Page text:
Tagged: abortion

9

Why is Reproductive Technology a Battleground in the Abortion Debate?

Caitlin Borgmann has made the convincing argument that incrementalism in the anti-abortion movement developed from the failure of the movement’s initial post-Roe strategy to win the hearts and minds of the undecided. The strategy of equating abortion with murder and vilifying women who have abortions was far too strident to be persuasive and too off-putting to have emotional appeal. The strategy was eventually abandoned in favor of chipping away at Roe by degrees. Incrementalism takes the long view toward outlawing abortion in any form, but its progress, ironically, is asymptotic, 120px-Icsitending toward prohibition without ever achieving it. This is because incrementalism’s objective is to render access to abortion illusory. Even if Roe remains in place, rendering abortion inaccessible will mean that it is legal in theory but not in practice. Although alternatives to incrementalism have appeared in recent years as certain factions within the movement have grown restive, incrementalism remains the primary strategy of the anti-abortion movement today.

The incrementalist strategy now includes arguments for limiting assisted reproduction by raising concerns about its use at all four stages of the cycle of human reproduction: pre-conception, pre-implantation, post-implantation, and even post-birth. Although seemingly an odd direction for the anti-abortion movement to take, it should not come as a complete surprise; after all, the moral status of the embryo has played a major role in the development of the legal regimes that regulate assisted reproduction in other countries, particularly those with strong commitments to Roman Catholicism. Costa Rica, for example, banned IVF entirely for this reason in a law later struck down by the Inter-American Court of Human Rights. Although their connection may not be immediately obvious, then, abortion and assisted reproduction have a history of intertwinement in the policymaking arena.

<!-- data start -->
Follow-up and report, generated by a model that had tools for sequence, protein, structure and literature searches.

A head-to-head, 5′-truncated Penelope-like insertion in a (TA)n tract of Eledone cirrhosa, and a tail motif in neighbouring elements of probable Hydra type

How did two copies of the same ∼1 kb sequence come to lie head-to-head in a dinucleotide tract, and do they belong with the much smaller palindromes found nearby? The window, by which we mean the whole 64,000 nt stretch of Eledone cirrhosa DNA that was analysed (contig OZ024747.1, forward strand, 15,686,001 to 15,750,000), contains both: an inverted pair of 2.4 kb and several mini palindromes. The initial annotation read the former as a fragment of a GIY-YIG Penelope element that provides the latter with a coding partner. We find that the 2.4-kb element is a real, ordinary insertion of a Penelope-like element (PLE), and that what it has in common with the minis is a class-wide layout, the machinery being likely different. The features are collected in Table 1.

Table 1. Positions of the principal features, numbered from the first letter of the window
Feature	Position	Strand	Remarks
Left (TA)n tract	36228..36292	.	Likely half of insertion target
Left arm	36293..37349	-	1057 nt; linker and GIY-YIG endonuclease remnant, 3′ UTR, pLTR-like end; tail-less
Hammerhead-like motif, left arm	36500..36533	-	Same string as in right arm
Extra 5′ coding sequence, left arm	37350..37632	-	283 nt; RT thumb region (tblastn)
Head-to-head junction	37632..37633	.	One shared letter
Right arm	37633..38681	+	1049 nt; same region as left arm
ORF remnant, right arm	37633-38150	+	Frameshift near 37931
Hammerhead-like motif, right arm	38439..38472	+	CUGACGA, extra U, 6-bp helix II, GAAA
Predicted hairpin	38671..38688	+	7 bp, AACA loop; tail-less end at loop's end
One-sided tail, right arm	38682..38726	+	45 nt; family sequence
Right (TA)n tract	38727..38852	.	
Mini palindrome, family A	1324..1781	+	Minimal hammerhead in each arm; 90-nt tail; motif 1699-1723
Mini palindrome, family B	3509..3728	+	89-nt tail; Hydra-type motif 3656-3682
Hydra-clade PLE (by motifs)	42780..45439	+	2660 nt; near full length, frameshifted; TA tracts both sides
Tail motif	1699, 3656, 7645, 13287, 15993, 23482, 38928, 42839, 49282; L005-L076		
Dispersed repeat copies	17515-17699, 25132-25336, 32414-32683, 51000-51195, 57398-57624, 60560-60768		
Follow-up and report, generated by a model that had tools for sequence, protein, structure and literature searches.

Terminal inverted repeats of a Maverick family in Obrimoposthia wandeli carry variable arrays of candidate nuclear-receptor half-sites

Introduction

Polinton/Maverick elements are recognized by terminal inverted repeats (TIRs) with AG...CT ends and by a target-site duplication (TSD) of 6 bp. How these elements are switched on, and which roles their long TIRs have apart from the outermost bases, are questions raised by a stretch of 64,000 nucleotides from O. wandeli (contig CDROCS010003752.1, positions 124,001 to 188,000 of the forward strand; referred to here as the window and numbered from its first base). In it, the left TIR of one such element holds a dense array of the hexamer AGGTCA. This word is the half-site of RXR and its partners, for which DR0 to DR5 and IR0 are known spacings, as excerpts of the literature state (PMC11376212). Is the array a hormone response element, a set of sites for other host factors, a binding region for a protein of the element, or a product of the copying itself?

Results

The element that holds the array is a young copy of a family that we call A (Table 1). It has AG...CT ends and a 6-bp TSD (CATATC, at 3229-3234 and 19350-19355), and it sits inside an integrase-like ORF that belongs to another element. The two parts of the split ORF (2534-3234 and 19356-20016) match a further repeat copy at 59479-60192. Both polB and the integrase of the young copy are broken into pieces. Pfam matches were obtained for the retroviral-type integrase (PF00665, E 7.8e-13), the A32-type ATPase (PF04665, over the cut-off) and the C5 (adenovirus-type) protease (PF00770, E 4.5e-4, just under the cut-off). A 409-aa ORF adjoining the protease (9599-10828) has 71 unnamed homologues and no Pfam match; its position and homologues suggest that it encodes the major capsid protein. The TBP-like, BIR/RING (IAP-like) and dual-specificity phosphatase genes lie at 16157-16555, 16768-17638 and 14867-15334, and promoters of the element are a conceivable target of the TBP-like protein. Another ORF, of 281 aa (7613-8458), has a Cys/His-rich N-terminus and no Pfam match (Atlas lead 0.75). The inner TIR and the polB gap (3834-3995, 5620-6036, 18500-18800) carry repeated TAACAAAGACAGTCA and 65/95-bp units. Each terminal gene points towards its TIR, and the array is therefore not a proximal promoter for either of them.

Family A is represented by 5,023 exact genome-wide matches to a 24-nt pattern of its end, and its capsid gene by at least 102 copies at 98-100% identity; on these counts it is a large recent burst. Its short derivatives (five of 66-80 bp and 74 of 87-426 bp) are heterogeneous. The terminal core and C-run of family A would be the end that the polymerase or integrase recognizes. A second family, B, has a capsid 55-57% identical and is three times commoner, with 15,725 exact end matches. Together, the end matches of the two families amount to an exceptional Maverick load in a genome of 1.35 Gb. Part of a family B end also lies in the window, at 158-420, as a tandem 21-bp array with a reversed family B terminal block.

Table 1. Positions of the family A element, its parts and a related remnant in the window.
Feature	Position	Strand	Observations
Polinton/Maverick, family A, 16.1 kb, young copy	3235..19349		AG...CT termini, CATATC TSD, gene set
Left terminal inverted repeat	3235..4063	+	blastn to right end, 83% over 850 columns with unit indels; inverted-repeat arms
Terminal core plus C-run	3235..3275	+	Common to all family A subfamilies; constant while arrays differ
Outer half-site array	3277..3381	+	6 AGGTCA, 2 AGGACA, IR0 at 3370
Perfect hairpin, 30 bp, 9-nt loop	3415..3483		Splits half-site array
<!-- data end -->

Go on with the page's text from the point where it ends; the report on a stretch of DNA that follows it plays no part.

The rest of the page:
An important question remains, though, about what is achievable in bringing anti-abortion sentiments to bear on issues in assisted reproduction. On the surface, there appears to be no clear connection between terminating a pregnancy and pursuing one. Of course, abortion and assisted reproduction are both techniques for managing reproductive life, and it is true that, in some applications, assisted reproduction may result in embryo loss. Hence, calls to regulate embryo disposition (called “adoption” in this context) and embryonic stem cell research make a certain amount of sense. But the claim that embryos have a moral status is not a good explanation for why other areas of assisted reproduction have become attractive battlegrounds for pursuing an anti-abortion agenda: egg donation, sex selection, and intentional parenthood.

It is obvious why the movement decries sex-selective embryo discarding or sex-selective abortion. Less clear is the reason for the movement’s opposition to pre-conception sex-selective techniques. Furthermore, anti-abortion advocates have claimed, respectively, that egg donation harms women and that intentional parenthood in the absence of a genetic connection harms children. Neither of these positions has much to do with abortion. If it is safe to assume that the stances assumed by the anti-abortion movement against assisted reproduction have more to do with banning abortion than with regulating reproduction, it is important for us to inquire into why the movement believes its resources are well spent in this area and what the implications of its activities might be for law and policy.